More

    Attacks in Transnistria: A Situational Assessment

    Share

    Beginning on the 25th of April a series of attacks began in the Moldovan breakaway state of Transnistria. The Transnistrian government is heavily pro-Russian and relies on them for economic aid. The attacks began when three individuals attacked the Transnistrian State Security building with rocket propelled grenades. The building was unoccupied due to it being a day off for Orthodox Easter Monday. In the following days improvised drones attacked a Russian-owned and occupied ammunition depot. Additionally, two radio towers that broadcast Russian programming were destroyed. On the 3rd of May, Transnistrian forces prevented a drone attack and on the 5th of May a drone dropped two explosives near a defunct airfield.

    Key Judgement 1: The attacks in Transnistria were highly likely a Russian false flag operation to destabilize the region and create a second front in the Ukrainian conflict.

    • Senior General Rustam Minnekayev of the Russian Armed Forces stated that the task of the Russian military is to gain control of Southern Ukraine to establish a land bridge between Transnistria and Crimea. (Source, Source)

    • Russia has around 1500 soldiers stationed at the ammunition depot which contains 20,000 tons of ammunition. Since 2015, Russia has had no way to access these troops or ammunition via land routes through Ukraine. (Source, Source)

    • The Russian Federal Security Service (FSB) was in Transnistria providing training to the Transnistrian military in the weeks leading up to the attacks. (Source)

    • Russia has a history of utilizing false flag operations to advance their political goals. The Soviet precursor to the FSB, known as the KGB, perpetrated false flag operations in Chechnya, Afghanistan, Czechoslovakia, and Finland. Russian president Vladimir Putin also had a long career in the KGB prior to becoming president. (Source, Source, Source)
    drone attack in Transnistria
    Drone recovered by Transnistrian forces on the 3rd of May 2022. (Source)

    Key Judgement 2: It is unlikely that the attacks in Transnistria were perpetrated by any official element of the Ukrainian military.

    • Ukrainian forces are currently pushing back the Russian advance in southern Ukraine. It is unlikely that Ukrainian forces are capable of diverting time and resources to provoke Transnistria. Additionally, a provocation of Transnistria offers no tactical or strategic advantage to the Ukrainians, rather it would place them in the middle of a pincer manoeuvre. (Source)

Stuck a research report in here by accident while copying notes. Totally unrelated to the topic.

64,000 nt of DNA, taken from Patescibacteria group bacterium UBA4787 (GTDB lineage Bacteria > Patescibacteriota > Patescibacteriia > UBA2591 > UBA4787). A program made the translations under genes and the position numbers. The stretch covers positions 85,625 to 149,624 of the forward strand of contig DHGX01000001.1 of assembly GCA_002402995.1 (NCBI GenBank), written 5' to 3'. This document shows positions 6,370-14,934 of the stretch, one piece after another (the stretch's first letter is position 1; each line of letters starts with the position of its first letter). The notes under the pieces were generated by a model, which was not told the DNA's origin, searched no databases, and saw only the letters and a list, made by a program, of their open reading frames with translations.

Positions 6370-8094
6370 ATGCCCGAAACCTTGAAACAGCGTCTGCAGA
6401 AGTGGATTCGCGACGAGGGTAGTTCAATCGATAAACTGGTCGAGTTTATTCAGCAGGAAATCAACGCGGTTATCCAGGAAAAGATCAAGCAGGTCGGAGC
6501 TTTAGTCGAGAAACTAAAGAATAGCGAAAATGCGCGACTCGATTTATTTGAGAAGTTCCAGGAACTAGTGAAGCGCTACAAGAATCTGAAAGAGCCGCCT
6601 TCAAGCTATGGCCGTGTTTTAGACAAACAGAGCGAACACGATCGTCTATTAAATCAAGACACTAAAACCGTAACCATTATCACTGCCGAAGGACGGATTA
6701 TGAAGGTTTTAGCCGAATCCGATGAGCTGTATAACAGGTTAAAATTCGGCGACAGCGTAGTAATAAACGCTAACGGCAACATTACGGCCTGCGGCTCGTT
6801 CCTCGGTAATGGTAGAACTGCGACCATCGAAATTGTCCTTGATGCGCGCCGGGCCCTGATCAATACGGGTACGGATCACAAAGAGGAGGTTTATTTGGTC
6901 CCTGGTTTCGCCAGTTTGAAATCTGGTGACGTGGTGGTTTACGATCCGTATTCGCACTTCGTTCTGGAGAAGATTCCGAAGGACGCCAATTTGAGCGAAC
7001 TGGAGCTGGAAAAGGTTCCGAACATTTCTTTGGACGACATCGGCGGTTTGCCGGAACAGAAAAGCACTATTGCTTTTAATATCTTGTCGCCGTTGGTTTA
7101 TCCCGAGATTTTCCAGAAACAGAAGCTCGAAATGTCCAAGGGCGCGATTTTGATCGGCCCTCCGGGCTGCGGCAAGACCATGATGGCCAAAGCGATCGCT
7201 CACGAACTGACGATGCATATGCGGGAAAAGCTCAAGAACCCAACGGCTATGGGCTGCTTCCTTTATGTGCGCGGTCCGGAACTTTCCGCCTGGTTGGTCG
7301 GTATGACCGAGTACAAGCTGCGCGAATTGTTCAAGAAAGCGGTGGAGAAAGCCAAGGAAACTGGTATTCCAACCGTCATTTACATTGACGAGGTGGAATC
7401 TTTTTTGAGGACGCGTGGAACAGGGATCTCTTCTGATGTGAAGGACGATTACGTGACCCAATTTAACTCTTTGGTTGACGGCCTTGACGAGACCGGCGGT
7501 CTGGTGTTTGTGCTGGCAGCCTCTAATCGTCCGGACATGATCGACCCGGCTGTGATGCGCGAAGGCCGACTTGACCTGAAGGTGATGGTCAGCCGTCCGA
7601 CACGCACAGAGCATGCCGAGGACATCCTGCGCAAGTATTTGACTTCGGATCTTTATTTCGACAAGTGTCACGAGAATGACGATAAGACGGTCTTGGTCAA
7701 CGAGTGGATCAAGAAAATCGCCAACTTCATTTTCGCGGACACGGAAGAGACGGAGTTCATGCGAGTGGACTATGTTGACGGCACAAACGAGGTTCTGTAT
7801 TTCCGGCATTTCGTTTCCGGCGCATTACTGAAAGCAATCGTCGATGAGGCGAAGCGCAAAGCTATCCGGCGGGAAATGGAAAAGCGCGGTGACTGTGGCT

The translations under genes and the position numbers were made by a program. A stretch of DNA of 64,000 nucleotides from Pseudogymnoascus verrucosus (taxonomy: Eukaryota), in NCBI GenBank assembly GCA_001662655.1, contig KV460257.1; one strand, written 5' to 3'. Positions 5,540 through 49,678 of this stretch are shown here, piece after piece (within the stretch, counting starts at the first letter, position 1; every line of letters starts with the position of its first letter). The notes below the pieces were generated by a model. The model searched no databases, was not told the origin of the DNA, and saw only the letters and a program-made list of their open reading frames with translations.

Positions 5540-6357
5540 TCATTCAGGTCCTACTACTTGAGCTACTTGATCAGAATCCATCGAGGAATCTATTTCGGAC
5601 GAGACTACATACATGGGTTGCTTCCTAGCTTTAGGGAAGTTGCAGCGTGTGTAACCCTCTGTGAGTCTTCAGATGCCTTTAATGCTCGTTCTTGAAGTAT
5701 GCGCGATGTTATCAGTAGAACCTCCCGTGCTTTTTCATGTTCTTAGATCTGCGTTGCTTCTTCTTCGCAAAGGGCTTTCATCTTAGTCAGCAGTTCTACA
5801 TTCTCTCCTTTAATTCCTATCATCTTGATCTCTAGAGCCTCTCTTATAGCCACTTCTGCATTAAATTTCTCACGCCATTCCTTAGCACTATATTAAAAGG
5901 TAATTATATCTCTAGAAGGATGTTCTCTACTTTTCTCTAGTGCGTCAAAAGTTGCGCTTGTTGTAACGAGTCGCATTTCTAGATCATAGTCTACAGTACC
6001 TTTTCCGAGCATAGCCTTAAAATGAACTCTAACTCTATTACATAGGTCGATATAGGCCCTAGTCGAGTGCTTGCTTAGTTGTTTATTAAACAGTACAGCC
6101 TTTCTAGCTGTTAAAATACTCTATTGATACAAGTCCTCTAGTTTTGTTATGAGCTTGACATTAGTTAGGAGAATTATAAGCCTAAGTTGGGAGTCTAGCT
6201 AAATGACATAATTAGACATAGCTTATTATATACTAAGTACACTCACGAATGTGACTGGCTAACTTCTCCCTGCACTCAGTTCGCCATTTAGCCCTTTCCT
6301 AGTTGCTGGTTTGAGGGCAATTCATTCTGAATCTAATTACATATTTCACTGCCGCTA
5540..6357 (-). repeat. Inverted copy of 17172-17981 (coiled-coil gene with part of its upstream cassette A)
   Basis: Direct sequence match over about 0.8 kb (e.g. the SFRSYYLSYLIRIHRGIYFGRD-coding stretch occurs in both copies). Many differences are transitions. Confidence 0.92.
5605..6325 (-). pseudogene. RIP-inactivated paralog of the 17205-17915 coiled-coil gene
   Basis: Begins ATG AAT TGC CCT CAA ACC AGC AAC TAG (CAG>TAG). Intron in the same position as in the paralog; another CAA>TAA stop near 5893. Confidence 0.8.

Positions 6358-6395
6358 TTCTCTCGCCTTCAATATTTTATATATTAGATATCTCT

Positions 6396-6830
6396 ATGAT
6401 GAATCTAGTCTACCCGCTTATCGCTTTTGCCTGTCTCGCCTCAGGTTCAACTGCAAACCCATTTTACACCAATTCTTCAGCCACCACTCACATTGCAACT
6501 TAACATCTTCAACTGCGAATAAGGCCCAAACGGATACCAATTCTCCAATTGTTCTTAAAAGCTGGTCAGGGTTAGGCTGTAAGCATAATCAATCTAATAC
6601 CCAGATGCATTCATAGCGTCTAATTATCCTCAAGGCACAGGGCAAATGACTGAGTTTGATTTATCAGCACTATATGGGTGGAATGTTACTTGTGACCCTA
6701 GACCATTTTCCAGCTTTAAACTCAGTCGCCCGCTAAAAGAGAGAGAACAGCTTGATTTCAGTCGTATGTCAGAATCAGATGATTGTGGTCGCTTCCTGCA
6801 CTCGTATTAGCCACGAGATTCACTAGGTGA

• The timing and execution of the attacks indicate there was very little planning behind them or the intent was to do as little damage as possible. However, Ukrainian Special Operations Forces have proven to be exceptionally capable saboteurs. The perpetrators attacked the Transnistrian State Security building on Orthodox Easter Monday, a day when no one was inside the building. Ukrainian instigators would have known that the building was likely to be unoccupied on this day. The radio transmitters broadcast Russian radio programs. The attacks resulted in zero casualties and no significant damage to infrastructure. The attacks give the appearance that Russia is using Transnistria to undermine international support for Ukraine, while trying to do as little damage to their ally as possible. (Source, Source)

    • On the 3rd of May Russian state media released images of a drone downed in another attempted attack. The drone was reportedly homemade and capable of carrying a 20kg payload over 30Km. There is a realistic probability that the drone is a disinformation attempt. The drone is held together with duct tape and sustained minor damage given the circumstances in which it was recovered. (Source)
    Transnistria
    Transnistrian flag attached to an MT-LB. (Source)

    Key Judgement 3: It is highly unlikely that these attacks will have any significant immediate impact on the conflict in Ukraine, if at all.

    • Currently, Ukrainian forces are pushing back the Russian advance in the south. It is highly unlikely that the Russians will be able to establish the land bridge they initially sought (Source).

    • Despite the president of Transnistria claiming the attacks were perpetrated by Ukraine, he has stated that Transnistria will not be pulled into the conflict. (Source)

    • In the days following the attacks, NATO’s Deputy Secretary General Geoana stated that he is expecting false flags to occur, and that Moldova is in danger of being attacked. (Source)

    Summary

    The attacks in Transnistria are highly likely to have Russian origins with the intent of doing as little damage to their regional ally as possible. There is no evidence that the attacks have Ukrainian origin. Russia has far more to gain from pulling Transnistria into the conflict than Ukraine. However, the attacks will likely have no effect on the larger conflict since Russia can’t physically get their forces there.

    Intelligence Cut-Off Date: 7th May 2022

    Jordan Smith
    Jordan Smith
    Jordan is currently working on his undergraduate degree at Georgetown University's School of Foreign Service. He is majoring in International Politics with a concentration in Security Studies and a minor in Russian language.

    Table of contents

    Subscribe

    Get the weekly email from Grey Dynamics that makes reading intel articles and reports actually enjoyable. Join our mailing list to stay in the loop for free!

    Related contents